What’s the Difference Between Gingivitis and Periodontitis?
Brushing and flossing are crucial for a healthy smile and can help prevent numerous oral health issues like gum disease. Gingivitis and periodontitis are both types of gum disease, but did you know that gingivitis is a type of periodontitis? Let us explain these two types of gum diseases.
The Difference Between Gingivitis and Periodontitis
What is Gingivitis?
The American Academy of Periodontology (AAP) states, “Gingivitis is the mildest form of periodontal disease.” Gingivitis is an inflammation of the gums caused by bacteria. Gums may become inflamed from improper oral hygiene - not brushing and/or flossing allowing plaque to stay on the surfaces of the teeth and gums. Plaque is a thin layer of bacteria that is constantly forming on the teeth. When plaque is not removed by brushing and flossing it may harden and turn to calculus or tartar. This hardened plaque may extend below the gum line causing an infection, gingivitis. You can learn more about gingivitis by reading our article, “What is Gingivitis?”.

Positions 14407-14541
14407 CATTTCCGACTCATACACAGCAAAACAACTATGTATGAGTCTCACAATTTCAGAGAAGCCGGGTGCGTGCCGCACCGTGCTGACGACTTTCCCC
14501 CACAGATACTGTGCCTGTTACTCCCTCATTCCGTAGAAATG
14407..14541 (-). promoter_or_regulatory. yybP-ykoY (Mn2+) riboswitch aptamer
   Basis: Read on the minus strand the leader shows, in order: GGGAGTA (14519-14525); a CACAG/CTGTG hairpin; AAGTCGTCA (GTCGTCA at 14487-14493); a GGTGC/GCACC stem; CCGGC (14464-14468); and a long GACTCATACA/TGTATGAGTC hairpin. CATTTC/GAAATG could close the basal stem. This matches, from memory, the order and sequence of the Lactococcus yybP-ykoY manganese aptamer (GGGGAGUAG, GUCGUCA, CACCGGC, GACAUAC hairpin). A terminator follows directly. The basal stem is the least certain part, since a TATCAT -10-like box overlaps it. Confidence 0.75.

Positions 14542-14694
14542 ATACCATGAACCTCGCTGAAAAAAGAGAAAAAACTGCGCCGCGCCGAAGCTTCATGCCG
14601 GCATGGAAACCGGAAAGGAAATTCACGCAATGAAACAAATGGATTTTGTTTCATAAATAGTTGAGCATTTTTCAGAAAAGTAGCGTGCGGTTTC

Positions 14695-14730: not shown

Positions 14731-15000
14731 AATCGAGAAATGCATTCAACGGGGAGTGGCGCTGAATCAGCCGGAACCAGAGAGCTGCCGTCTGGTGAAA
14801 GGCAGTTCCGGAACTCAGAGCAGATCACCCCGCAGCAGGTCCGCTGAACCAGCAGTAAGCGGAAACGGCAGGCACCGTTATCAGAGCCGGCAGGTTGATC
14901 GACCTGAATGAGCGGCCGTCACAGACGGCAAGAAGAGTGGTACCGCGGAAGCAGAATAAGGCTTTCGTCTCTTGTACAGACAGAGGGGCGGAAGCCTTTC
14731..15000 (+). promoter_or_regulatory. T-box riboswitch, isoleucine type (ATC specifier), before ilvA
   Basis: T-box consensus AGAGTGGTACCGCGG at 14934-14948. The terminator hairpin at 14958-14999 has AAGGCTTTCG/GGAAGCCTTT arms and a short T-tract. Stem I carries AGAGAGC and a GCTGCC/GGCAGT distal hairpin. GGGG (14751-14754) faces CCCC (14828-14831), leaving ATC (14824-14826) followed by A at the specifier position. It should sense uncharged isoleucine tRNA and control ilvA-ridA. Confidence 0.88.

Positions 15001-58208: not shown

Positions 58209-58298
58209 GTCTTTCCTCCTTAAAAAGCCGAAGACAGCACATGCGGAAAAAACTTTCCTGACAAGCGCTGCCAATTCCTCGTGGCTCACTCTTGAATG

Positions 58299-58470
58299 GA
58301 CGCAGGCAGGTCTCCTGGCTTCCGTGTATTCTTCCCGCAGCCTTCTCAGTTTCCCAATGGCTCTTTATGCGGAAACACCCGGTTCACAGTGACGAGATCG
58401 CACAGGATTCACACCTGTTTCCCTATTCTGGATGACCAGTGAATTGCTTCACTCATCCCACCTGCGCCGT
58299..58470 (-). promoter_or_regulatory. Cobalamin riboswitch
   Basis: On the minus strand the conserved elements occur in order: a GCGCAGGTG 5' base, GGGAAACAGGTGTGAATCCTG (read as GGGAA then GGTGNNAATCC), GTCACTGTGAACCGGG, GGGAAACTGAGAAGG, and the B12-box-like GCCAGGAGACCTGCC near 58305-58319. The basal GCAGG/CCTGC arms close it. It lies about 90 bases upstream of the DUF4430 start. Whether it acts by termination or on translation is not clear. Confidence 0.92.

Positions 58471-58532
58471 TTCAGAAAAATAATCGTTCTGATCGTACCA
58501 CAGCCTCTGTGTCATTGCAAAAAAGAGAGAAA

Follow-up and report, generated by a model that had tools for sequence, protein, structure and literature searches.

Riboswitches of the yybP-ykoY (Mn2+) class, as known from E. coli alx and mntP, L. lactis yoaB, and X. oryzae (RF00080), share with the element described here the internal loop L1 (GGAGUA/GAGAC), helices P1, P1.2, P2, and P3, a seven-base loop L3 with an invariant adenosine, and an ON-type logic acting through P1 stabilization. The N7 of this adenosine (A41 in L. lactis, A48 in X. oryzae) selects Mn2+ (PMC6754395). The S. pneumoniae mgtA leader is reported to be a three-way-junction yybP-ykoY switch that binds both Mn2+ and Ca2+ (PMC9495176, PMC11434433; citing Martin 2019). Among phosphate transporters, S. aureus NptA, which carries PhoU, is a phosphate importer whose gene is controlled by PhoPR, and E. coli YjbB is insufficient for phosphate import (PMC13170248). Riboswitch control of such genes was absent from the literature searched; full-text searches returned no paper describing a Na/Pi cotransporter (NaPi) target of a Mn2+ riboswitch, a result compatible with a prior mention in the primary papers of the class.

What is Periodontitis?
If gingivitis is left untreated it can progress into a more serious gum disease called periodontal disease or periodontitis. The AAP describes periodontitis as being caused by plaque spreading below the gum line. When this occurs the gums become irritated and the body begins to turn on itself causing the soft tissue and bone to begin to be broken down. The gums separate from the teeth forming pockets between the teeth and soft tissue and then become infected.
According to the AAP, “As the disease progresses, the pockets deepen and more gum tissue and bone are destroyed. Often, this destructive process has very mild symptoms. Eventually, teeth can become loose and may have to be removed.” You can learn more about periodontal disease causes, symptoms, and prevention by visiting the AAP.
Concerned About Gum Health?
If you are concerned about your gum health we are always happy to answer questions!